Factor Aids Immune Cell Distribution
Potential implications for autoimmune diseases and B cell cancers (lymphomas)
September 10, 2010 | Leigh MacMillan
Location, location, location. For the B cells that help defend us against germs, their “neighborhood” is key to their function. How these cells populate different locations in the body has been a mystery.
Investigators at Vanderbilt University Medical Center have now discovered a factor that regulates B cell distribution.
The findings, reported in the Aug. 27 issue of Immunity, offer new insights into the workings of the immune system and have implications for the development of autoimmune diseases and B cell cancers (lymphomas).
B cells — the white blood cells that produce antibodies against pathogens — come in three “flavors” with distinct roles specific to their locations, explained Eric Sebzda, Ph.D., assistant professor of Microbiology & Immunology.
B1 B cells populate the peritoneal space — the guts — and respond to pathogens arriving via the digestive tract. Marginal zone B cells occupy a specialized region (the marginal zone) of the spleen where they respond to blood-borne pathogens.
Follicular B cells, which represent the majority of B cells in the body, occupy a different region of the spleen (the follicle) and circulate through the blood and lymphoid organs (lymph nodes, spleen). They interact with T cells (another type of white blood cell) to form an immune response.
“B cells appear to be in specialized areas to do specialized functions,” Sebzda said. “The big questions are how do they segregate to these areas, and is it important?”
Sebzda and his colleagues had previously demonstrated that a transcription factor called Klf2 played a role in T cell migration (transcription factors turn genes “on” and “off”). To probe whether Klf2 also has a role in B cell migration, the researchers developed mice missing Klf2 in their B cells.
They found a dramatic change in the location of B cells: B1 B cells disappeared, marginal zone B cells shifted to a different area of the spleen, and follicular B cells migrated into the marginal zone of the spleen.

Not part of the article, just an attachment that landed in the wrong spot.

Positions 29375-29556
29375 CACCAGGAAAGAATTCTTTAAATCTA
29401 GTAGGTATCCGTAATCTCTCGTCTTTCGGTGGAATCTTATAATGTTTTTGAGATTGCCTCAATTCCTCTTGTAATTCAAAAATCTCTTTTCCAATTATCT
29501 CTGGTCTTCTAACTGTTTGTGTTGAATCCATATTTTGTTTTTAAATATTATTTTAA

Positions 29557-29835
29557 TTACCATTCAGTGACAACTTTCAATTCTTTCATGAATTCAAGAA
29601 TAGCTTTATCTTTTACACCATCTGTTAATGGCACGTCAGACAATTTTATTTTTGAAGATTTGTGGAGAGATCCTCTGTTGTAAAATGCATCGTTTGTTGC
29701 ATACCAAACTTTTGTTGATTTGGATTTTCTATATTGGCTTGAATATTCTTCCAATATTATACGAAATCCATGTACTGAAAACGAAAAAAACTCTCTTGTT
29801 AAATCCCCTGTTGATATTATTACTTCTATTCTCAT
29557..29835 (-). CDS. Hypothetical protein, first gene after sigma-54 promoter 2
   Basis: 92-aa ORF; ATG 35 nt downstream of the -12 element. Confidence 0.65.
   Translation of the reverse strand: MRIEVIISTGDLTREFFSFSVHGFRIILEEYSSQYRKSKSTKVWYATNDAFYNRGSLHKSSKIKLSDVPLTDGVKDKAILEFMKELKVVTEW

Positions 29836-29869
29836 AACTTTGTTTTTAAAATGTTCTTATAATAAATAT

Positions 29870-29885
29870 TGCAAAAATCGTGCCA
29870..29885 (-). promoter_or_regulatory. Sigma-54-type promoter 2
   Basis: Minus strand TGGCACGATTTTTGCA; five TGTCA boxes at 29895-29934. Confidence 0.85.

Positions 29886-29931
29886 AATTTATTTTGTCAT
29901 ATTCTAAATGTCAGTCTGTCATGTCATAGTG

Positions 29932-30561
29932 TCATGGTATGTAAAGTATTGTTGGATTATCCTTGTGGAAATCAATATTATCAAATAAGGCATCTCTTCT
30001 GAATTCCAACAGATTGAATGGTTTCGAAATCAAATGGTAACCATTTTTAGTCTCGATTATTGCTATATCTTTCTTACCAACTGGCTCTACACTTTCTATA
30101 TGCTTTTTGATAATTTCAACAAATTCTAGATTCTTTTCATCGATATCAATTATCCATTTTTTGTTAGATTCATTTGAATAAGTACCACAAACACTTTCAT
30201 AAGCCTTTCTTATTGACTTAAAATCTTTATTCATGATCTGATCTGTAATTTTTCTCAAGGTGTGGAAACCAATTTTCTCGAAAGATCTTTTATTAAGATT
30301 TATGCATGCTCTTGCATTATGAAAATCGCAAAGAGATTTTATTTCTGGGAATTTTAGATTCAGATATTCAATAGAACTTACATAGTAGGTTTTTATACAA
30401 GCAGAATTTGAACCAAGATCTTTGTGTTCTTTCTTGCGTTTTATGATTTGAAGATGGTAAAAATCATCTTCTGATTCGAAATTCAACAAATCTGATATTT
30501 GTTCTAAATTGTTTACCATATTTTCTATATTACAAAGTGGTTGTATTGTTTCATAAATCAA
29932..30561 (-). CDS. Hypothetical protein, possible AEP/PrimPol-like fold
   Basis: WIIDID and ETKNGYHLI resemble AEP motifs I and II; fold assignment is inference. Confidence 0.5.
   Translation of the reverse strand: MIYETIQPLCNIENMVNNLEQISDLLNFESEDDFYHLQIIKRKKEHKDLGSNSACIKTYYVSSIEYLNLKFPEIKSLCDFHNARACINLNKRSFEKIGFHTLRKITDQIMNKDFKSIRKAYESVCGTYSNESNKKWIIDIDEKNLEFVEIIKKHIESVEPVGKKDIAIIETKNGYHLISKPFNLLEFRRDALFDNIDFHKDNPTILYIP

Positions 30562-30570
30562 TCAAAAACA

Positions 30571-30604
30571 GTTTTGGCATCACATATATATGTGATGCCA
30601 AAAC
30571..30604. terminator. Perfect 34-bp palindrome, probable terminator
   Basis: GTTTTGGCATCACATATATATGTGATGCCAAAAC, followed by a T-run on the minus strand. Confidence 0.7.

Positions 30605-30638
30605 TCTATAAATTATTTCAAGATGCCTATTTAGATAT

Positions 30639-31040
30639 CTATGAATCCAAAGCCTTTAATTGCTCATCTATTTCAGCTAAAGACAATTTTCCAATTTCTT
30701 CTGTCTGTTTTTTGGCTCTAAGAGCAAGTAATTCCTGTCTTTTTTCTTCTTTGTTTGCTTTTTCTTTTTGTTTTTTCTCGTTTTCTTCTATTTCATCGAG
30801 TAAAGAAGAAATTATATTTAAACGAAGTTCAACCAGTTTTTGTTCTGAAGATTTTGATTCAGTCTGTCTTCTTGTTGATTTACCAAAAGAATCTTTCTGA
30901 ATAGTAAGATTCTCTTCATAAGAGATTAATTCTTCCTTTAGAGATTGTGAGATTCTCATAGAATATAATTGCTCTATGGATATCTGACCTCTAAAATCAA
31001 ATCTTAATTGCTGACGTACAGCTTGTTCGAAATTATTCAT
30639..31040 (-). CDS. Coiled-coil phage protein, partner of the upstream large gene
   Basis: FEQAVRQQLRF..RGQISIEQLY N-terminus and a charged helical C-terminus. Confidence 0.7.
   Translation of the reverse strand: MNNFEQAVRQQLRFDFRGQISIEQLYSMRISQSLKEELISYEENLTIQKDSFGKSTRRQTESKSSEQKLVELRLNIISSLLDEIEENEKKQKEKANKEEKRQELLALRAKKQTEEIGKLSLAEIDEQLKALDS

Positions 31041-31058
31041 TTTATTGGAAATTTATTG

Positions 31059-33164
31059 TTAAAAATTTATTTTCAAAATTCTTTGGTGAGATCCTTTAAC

“We believe Klf2 is the first transcription factor that controls B cell circulation,” Sebzda said.
The researchers found changes in the pattern of “homing” receptors that guide B cells to their destinations, but otherwise, the Klf2-deficient B cells appeared normal: they had normal rates of cell division and antibody production in vitro.
The team next examined immune responses.
“We expected that if we messed up B cell segregation, it would be detrimental to the system,” Sebzda said. “Instead it was the complete opposite: the system was actually better.”
The Klf2-deficent mice cleared the Lyme disease-causing bacterium Borrelia burgdorferi, for example, more efficiently than mice with normal B cell populations.
The investigators demonstrated that the follicular B cells that were now present in the marginal zone of the Klf2-deficient mice responded to the pathogens in a manner that did not occur in control mice.
Why would our bodies distribute follicular B cells in a way that restricts them and limits their ability to respond to pathogens?
It could be that follicular B cells in the marginal zone are dangerous — for the development of autoimmune disease or lymphomas, Sebzda said.
The researchers are pursuing these possibilities.
“This could be a paradigm shift in thinking about autoimmune diseases. If defects in migration receptors allow B or T cells to go to the wrong places, maybe that helps initiate autoimmunity.”
It might be possible, he said, to suppress autoimmune symptoms by targeting B cell and T cell migration.
Kristen Hoek, Ph.D., a research fellow in Sebzda’s lab, was the first author of the paper. Sebzda noted the particularly helpful roles of his collaborators — all from the Vanderbilt Department of Microbiology & Immunology.
The National Institutes of Health and the Edward Mallinckrodt, Jr. Foundation supported the research.
Photo by Mary Donaldson
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